Maus II: And Here My Troubles Began begins in 1941 and ends in Present Day Rego Park (around 1980 or so). It is subtitled From Auschwitz to the Catskills and Beyond, and it continues the saga of Art and Vladek as the younger Spiegelman – in what we might call a “meta” method – interviews his father for his work-in-progress, Maus.
I first heard about Maus after it earned the Pulitzer Prize (Special Awards and Citations – Letters) in 1992. Maus was the first – and as of this review, the only – graphic novel to win a Pulitzer, and because I am opposed to fascism and far right extremism, I wanted to buy it as long ago as the mid Nineties.
However, as it often happens in my book buying ways, I always ended up buying other books (usually World War II books that are not about the Holocaust or, more commonly, novels by Tom Clancy or Star Wars-related titles) instead.
It wasn’t until May of this year that I decided to get The Complete Maus for myself; a few years ago, I bought a copy for the Caregiver’s youngest daughter – she had to read it for her high school English class – but I loathe borrowing books, so I got my own hardcover instead.
Maus is a fascinating – if sometimes heartbreaking and infuriating – masterpiece of the graphic novel format. Indeed, it’s one of the early classics of the genre – a mix of serious, adult-level storytelling and the graphic stylings of comic books, which up to the 1990s were often dismissed as slick but superficial material aimed at immature teens who did not read “serious literature.” (The other books often cited as masterpieces in the new subgenre of “graphic novels” are Alan Moore’s Watchmen and Frank Miller’s The Dark Knight.)
It is, of course, a challenging task to tell the story of the Holocaust and its effect on its survivors and their children in “comics.” The Shoah is too huge, too horrifying, and too morally complex a subject to portray in feature films or TV-movies without trivializing its subject, and in documentaries and print media the sheer figures alone are staggering: the Nazis’ “Final Solution of the Jewish Problem in Europe” set its sights on murdering 11 million Jews – men, women, and children – and exterminated an estimated six million.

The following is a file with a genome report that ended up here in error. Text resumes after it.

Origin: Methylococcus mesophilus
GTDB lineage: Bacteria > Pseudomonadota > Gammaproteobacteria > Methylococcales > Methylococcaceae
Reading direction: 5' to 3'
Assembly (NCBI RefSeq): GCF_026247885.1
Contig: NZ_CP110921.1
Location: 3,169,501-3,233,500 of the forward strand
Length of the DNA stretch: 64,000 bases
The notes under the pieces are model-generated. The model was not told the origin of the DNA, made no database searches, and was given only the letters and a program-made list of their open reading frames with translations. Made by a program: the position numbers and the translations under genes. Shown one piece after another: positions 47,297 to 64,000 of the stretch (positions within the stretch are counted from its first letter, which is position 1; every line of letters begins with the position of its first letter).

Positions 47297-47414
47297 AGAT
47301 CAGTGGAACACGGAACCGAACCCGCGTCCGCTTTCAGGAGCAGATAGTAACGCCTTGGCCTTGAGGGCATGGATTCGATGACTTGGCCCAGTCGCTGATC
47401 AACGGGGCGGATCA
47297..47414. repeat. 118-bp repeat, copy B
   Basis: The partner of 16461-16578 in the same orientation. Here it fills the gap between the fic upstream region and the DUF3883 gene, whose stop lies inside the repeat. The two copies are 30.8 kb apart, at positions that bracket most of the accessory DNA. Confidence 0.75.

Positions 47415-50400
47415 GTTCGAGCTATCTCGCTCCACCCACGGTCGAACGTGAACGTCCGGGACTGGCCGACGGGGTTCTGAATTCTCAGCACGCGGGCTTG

And yet, Spiegelman manages to convey the horrors of the greatest crime in history through his family’s traumatic experiences during the war and his own relationship with his parents, especially his often stormy but eventually loving one with his father Vladek.
Per Penguin Random House’s Teachers’ Guide to Maus, Part I: A Survivor’s Tale:
Maus has recognized the true nature of that riddle by casting its protagonists as animals—mice, cats, pigs, and dogs. As Spiegelman has said (in an interview in The New Comics, p. 191): “To use these ciphers, the cats and mice, is actually a way to allow you past the cipher at the people who are experiencing it.” When Maus first appeared as a three-page comic strip in an underground anthology, the words “Nazi” and “Jew” were never mentioned. Spiegelman’s animals permit readers to bypass the question of what human beings can or cannot do and at the same time force them to confront it more directly. His Jewish mice are a barbed response to Hitler’s statement “The Jews are undoubtedly a race, but they are not human.” His feline Nazis remind us that the Germans’ brutality was at bottom no more explicable than the delicate savagery of cats toying with their prey. And although Vladek Spiegelman and his family initially seem even more human than the rest of us, as the story unfolds they become more and more like animals, driven into deeper and deeper hiding places, foraging for scarcer and scarcer scraps of sustenance, betraying all the ties that we associate with humanity.
Although The Complete Maus has its fair share of warm, even humorous moments, Spiegelman’s blend of European history, personal memoir, and sociological examination of Holocaust survivors (both first- and second-generation) in postwar America is also a horror story of man’s inhumanity to man. From the early stages of the destruction of Central European Jewish communities by Hitler’s Germany and its anti-Semitic collaborators in occupied Poland (and elsewhere) to the liberation of Auschwitz-Birkenau in January of 1945 and beyond, Maus is a record – imperfect as it may be because it is primarily based on Vladek’s experiences and told mostly in his voice – of a horror story that is more frightening than any novel by Stephen King or H.P. Lovecraft. There are monsters in Maus, but they are not vampires or interdimensional creatures – they are racist white Europeans who believe they are superior to other ethnic and religious groups in Europe.
The Complete Maus is worth reading, especially in these times when white supremacy and far-right extremism are making a comeback in many countries, including the United States, the UK, and much of Europe. On social media (especially on Facebook) I see echoes of Nazi propaganda in the term used by Trump supporters when they refer to the Democratic Party or liberals in general, especially on social media, where conservatives tend to call liberals “Communists” – Hitler was a rabid anti-Communist, after all – and label Democrats as “Demon-Rats,” a not-too-subtle (if perhaps unconscious) callback to Nazi iconography that compared Jews to rats and other pests.
Maus is not a “light read” despite its presentation as a “comic,” but it is a moving story of loss, tragedy, survival, and the struggle to maintain human dignity in the shadow of war and intolerance. It should be read by everyone aged 15 and up as a reminder that history is repeated by those who choose to forget it.